HOW DO WE DEVELOP GOD’S HEART FOR LOST PEOPLE?  [What will motivate us to move beyond our self-centered focus to an other-centered passion that can impact the world?]

In my own life, the only power I have discovered that can break me of my self-centered preoccupation with my own comfort and needs and get me to invest myself in others is power of prayer!  In fact we see the power of prayer working in Jonah’s life.  (See Jonah 4) – Jonah 4 is an extended prayer- a dialogue between Jonah and God where Jonah feels the freedom to tell God exactly how he feels; where God gently reveals the heart of Jonah’s problem and begins the painful work of creating in Jonah’s heart a love for lost people.  It’s a powerful model for us.  In prayer we are free to confess the truth about our attitudes towards the people God loves. “But I don’t like them, God!  And I don’t want to spend time with them!”  God then gently begins the process of softening our hearts towards those people we thought we could not love.  Prayer changes people and things!

About Thomas Doggett

Thomas is the C.O.O of Valley of the Son Christian Ministries Inc. located in Southeast Arizona - Thomas has TH.M degree from Life Christian University in Tampa Florida, Dr. Douglas Wingate Director. Thomas has over 40 years of ministry experience and is commited to reaching any and everyone throughout the world and worldwide web to meet their current needs in ministry. These teaching are free to anyone and are designed for the student who is hungry and thirsty for God's Word. Valley of the Son Christian Ministries Inc. has understood the "New Paradigms of Ministry" that God has allowed and is currently using the internet to reach thousands of people all over the world who may have never been reached. Men cannot live by bread alone they need God's Word to survive Matthew 4:4. There are millions of people who are not yet attending a local church for whatever reason and have a real need to get a hold of the things of God. We realize that methods change, however the word of God never changes and we encourage all of our internet friends to continue to maintain relationships and community. We also encourage you to find a local church assembly that preaches the gospel of the Kingdom of God; Jesus' primary message. Valley of the Son Christian Inc. is a non-pofit ministry and has a call to meet the needs of the homeless, strange, widow, the hungry and the hurting in the Arizona area. We can all demonstrate the love we have for God and our neighbor by contributing what we can to the health and welfare of the world. We are committed to reaching out to everyone who may be hurting, feeling hopless or just have a need to talk to someone. We must all pitch in together. If everyone swept in front of their own door the whole world would be clean. Blessings to all in Jesus! WHEN THE STUDENT IS READY THE TEACHER WILL APPEAR.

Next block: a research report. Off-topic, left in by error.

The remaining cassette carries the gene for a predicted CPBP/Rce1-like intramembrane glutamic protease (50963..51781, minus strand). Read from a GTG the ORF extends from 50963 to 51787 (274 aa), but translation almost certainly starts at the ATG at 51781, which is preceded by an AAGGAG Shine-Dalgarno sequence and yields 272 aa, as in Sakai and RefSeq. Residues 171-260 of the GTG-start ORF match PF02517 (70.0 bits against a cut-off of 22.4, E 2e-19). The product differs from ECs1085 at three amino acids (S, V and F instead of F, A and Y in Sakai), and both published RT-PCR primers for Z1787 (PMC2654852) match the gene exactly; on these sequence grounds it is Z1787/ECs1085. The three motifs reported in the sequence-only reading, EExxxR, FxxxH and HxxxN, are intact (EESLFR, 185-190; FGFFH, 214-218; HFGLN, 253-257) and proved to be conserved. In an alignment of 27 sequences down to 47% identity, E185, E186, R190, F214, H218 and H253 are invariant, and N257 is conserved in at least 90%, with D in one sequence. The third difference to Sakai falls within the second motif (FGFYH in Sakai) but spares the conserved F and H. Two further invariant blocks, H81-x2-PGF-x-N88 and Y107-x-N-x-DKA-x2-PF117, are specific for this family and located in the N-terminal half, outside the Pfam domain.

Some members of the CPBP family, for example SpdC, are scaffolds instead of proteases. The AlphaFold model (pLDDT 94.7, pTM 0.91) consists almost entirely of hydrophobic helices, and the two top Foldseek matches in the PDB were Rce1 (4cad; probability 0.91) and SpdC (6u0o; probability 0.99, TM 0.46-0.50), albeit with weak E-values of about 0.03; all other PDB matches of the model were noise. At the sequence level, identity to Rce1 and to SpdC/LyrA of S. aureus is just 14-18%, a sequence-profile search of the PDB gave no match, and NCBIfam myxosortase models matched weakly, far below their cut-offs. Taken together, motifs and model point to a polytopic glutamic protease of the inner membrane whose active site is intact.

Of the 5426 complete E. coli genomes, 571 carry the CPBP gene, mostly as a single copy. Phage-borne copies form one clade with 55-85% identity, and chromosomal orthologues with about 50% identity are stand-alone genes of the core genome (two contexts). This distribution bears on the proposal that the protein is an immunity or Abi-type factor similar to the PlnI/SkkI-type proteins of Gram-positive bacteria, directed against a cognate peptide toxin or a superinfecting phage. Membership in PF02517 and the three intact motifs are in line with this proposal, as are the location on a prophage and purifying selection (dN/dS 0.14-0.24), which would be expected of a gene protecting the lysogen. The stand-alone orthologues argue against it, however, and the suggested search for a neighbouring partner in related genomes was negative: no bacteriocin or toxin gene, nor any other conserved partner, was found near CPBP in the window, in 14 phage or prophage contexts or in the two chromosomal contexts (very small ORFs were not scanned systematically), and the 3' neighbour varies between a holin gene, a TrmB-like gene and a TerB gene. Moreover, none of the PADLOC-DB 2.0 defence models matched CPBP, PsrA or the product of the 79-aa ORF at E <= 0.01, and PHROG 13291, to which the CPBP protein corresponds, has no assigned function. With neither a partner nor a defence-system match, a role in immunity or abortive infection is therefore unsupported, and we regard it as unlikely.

This entry was posted in Uncategorized. Bookmark the permalink.

Leave a Reply

Your email address will not be published. Required fields are marked *


You may use these HTML tags and attributes: <a href="" title=""> <abbr title=""> <acronym title=""> <b> <blockquote cite=""> <cite> <code> <del datetime=""> <em> <i> <q cite=""> <strike> <strong>